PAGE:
Something That Doesn’t Sound Like Everything Else: The Regional Theater
In this series of posts, I’ve been having discussions with a wide range of people who are involved in developing new musicals. This week I talked to Robert Hunt, the Executive Producer of the Village Theatre in Issaquah, Washington (in the greater Seattle area.) The theater was founded in 1979, and makes the production of new musicals a central part of its mission. Opening on March 20 is a full production of The Tutor, by Andrew Gerle and Maryrose Wood; the show was featured in the Village Theatre Festival of New Musicals in 2004. Another prominent graduate of the Village Theatre is Next to Normal, which was featured at the theater in various stages of development, starting in 2002 (as Feeling Electric.)
ROB HARTMANN: What has been your strategy for getting audiences interested in new musicals?
ROBERT HUNT: We started developing new musicals early in our history in the 80s. Then we outgrew our original space and built a new 488 seat theater across the street — but we kept the old one. We jumped into doing developmental (but fairly full) productions in the small space. And what we found was some of the musicals weren’t quite ready for that level of production. So we took a step back, and put together a festival which has new musicals in reading format, and we came up with the idea of a development program which has members — “Village Originals.”
So the members participate in the development of these new musicals at all phases. They’ll come to the readings, the workshops, the developmental productions and supply feedback. There’s not a huge number of them, but they are very vocal, and they can spread the word. That helps when we put a new musical into our mainstage season — they’re spreading the word because they’ve already seen the developmental steps of that show.
Trailer for IRON CURTAIN at the Village Theatre (Book by Susan DiLallo, Music by Stephen Weiner, Lyrics by Peter Mills)
Hartmann: How do you determine whether a show needs a reading or a process that gets it up on its feet?
Hunt: It really depends on what is most needed. Some shows really need to have a physical production because they have some sort of uniqueness to them that would require movement in order to see how this show can work. Other shows, it’s really more that the writing needs to be right.
One of the challenges we have is that authors sometimes think that the show will be better if you have the whole physical production — when really the writing in that case might be the problem (laughs.) If the writing doesn’t work, it won’t be solved with a physical production.
Hartmann: What grabs you in a new musical?
Hunt: Oh boy. We’re interested in a fairly big variety of shows. We send scripts out to a couple of readers evaluate the shows for our program. And if they’re recommended for further development, then our artistic team — including me and Steve Tompkins our Artistic Director, and Tim Symons our Resident Music Director — will all read them and listen to the music, and then we select our shows for the festival. We do look for a variety — for shows that might be a little more edgy, that would perhaps be destined for the LORT theater world, and maybe not our mainstage. And we look for others that might eventually go to our mainstage.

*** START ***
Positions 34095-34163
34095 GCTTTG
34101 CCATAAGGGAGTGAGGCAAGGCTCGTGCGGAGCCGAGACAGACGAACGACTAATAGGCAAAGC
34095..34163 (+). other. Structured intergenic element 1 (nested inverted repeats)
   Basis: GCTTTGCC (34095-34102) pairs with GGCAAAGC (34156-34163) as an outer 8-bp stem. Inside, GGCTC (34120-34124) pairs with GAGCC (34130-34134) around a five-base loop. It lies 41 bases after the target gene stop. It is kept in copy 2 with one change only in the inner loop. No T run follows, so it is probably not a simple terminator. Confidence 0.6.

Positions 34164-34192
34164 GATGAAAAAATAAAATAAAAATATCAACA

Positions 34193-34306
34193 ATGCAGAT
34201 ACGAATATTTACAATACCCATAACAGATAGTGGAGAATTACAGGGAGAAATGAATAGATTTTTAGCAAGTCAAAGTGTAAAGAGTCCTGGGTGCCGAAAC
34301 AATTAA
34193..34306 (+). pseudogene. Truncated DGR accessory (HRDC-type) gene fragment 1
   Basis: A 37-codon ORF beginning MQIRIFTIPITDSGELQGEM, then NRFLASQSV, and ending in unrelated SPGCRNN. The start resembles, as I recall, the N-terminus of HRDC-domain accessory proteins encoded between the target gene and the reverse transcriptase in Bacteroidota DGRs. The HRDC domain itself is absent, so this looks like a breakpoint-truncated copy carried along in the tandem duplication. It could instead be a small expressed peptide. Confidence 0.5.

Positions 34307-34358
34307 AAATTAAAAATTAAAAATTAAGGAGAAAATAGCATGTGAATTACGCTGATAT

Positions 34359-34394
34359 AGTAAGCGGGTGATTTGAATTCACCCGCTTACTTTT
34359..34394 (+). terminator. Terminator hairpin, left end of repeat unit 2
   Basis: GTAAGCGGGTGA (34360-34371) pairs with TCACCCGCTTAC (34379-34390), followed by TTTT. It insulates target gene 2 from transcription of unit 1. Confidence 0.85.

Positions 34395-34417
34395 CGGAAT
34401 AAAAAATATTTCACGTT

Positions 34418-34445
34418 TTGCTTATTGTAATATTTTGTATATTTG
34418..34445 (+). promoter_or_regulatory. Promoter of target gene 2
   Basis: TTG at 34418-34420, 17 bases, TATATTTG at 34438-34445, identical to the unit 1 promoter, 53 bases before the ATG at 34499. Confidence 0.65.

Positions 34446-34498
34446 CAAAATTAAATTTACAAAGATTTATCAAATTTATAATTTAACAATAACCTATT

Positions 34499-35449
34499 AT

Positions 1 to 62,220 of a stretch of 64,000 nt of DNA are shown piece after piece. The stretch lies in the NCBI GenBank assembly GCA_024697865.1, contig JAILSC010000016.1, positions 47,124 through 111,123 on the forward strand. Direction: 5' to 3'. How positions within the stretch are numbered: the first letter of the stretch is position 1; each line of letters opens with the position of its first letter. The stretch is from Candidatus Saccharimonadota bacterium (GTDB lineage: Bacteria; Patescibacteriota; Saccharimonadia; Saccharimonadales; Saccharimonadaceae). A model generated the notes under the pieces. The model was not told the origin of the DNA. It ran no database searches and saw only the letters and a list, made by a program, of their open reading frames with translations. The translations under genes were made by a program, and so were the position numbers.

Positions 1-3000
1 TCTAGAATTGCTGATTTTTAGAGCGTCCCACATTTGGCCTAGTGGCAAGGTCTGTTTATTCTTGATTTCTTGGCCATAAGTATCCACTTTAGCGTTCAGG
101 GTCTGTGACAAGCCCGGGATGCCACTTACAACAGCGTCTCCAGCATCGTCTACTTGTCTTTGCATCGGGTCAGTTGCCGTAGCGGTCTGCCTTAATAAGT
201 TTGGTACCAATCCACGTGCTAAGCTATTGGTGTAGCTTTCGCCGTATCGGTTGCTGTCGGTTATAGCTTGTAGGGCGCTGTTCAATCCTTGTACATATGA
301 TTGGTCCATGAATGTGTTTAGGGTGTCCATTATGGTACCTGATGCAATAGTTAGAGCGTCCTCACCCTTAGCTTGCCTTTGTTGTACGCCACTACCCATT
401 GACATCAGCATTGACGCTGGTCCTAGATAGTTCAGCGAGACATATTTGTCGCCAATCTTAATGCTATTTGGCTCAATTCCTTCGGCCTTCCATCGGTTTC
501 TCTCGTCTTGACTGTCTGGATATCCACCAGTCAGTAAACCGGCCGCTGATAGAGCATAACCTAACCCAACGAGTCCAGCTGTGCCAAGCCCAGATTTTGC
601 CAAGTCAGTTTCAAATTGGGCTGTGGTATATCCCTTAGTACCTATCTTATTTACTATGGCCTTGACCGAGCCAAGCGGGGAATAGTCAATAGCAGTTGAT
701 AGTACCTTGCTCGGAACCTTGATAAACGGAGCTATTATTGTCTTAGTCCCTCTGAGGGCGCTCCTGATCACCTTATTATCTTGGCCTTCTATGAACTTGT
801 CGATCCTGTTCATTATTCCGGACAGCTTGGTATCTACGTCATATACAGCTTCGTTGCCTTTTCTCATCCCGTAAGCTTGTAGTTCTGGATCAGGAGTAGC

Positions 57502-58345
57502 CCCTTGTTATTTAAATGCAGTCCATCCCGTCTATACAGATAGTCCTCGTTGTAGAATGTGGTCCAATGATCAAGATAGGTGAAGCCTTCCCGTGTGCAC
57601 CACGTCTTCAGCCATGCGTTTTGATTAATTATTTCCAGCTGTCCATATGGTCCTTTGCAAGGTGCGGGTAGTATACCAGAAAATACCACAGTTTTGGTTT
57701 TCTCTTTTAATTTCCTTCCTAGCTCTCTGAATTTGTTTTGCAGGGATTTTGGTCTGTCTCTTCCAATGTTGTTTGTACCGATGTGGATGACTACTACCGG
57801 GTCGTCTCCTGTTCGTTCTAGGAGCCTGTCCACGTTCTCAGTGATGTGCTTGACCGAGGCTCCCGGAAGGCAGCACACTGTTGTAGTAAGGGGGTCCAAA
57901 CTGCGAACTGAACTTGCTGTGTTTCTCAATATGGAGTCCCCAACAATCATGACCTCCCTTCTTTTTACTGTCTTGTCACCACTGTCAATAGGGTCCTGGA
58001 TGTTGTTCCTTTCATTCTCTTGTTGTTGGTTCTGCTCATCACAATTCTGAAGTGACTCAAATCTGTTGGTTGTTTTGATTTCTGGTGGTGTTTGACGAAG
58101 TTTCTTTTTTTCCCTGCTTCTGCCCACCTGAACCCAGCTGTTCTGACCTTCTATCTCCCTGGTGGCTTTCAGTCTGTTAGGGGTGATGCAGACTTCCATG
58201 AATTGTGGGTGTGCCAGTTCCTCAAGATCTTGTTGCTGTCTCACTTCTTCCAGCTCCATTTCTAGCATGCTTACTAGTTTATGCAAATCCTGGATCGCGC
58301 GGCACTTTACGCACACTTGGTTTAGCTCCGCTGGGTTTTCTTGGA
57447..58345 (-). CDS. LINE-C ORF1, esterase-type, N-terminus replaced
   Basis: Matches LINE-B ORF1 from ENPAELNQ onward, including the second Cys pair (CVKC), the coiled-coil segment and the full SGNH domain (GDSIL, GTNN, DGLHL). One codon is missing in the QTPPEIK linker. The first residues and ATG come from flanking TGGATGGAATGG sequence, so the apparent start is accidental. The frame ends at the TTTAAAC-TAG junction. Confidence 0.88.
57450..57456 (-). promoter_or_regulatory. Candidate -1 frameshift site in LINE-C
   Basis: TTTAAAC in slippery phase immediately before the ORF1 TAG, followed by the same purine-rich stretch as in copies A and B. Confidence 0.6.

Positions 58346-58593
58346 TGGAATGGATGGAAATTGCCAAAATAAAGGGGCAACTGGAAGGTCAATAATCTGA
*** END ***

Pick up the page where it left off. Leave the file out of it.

We look for music that has hooks or has some meat to it. And we’re looking for the meshing of the book and the music — so it’s not just a scene and then a song, that the book, lyrics and the music are all moving the story along as part of a whole, and fit together well.
We also look for something that is producible: to see that the writers have in fact thought things through. Does this make sense on stage, or is this cinematic, popping from one scene to another so that it’s impossible to do? Those kinds of things.
We’re looking for something that doesn’t sound like everything else. Also — the integration of dance in the storytelling — that’s something that isn’t as common as I would like it to be — that the writers are actually thinking that way. It really is part of the musical experience to not only hear the songs and the dialogue, but also to see the dance and the emotion of the dance. I’d like to see more of that.
Hartmann: What is your feedback/critique process like?
Hunt: Well for instance, for a reading, it’s read for an audience of 200 to 400 people. They have the option of writing their responses online or on paper. And they’re fairly serious about it. They’ll stay for a half hour after the show writing their comments.
Our members have been involved in this process for quite a while, so they’re coming from a place of supporting the writing process and supporting the writers and trying to improve their piece.
We gather up all the written responses and we put them in a package and send them to the writers, along with comments from our artistic team — what we gleaned from the process, and what we think they should consider as they move forward to the next step.
Hartmann: What advice would you give to musical writers?
Hunt: Don’t be too tied to material. Musicals are so difficult because you can take the same material and move it around and have a dramatic impact on the way the audience is receiving the show. I think writers really have to be open to that process, and, you know, collaborate with the producers in maximizing that audience reaction.
It’s funny sometimes listening to writers, “Well, they just didn’t understand it.” Well, yeah. And that’s the challenge in writing – it’s a very nuanced thing. And small moments make a huge difference.
Trailer for The Village Theatre’s production of CLOAKED by Michelle Elliott & Danny Larsen
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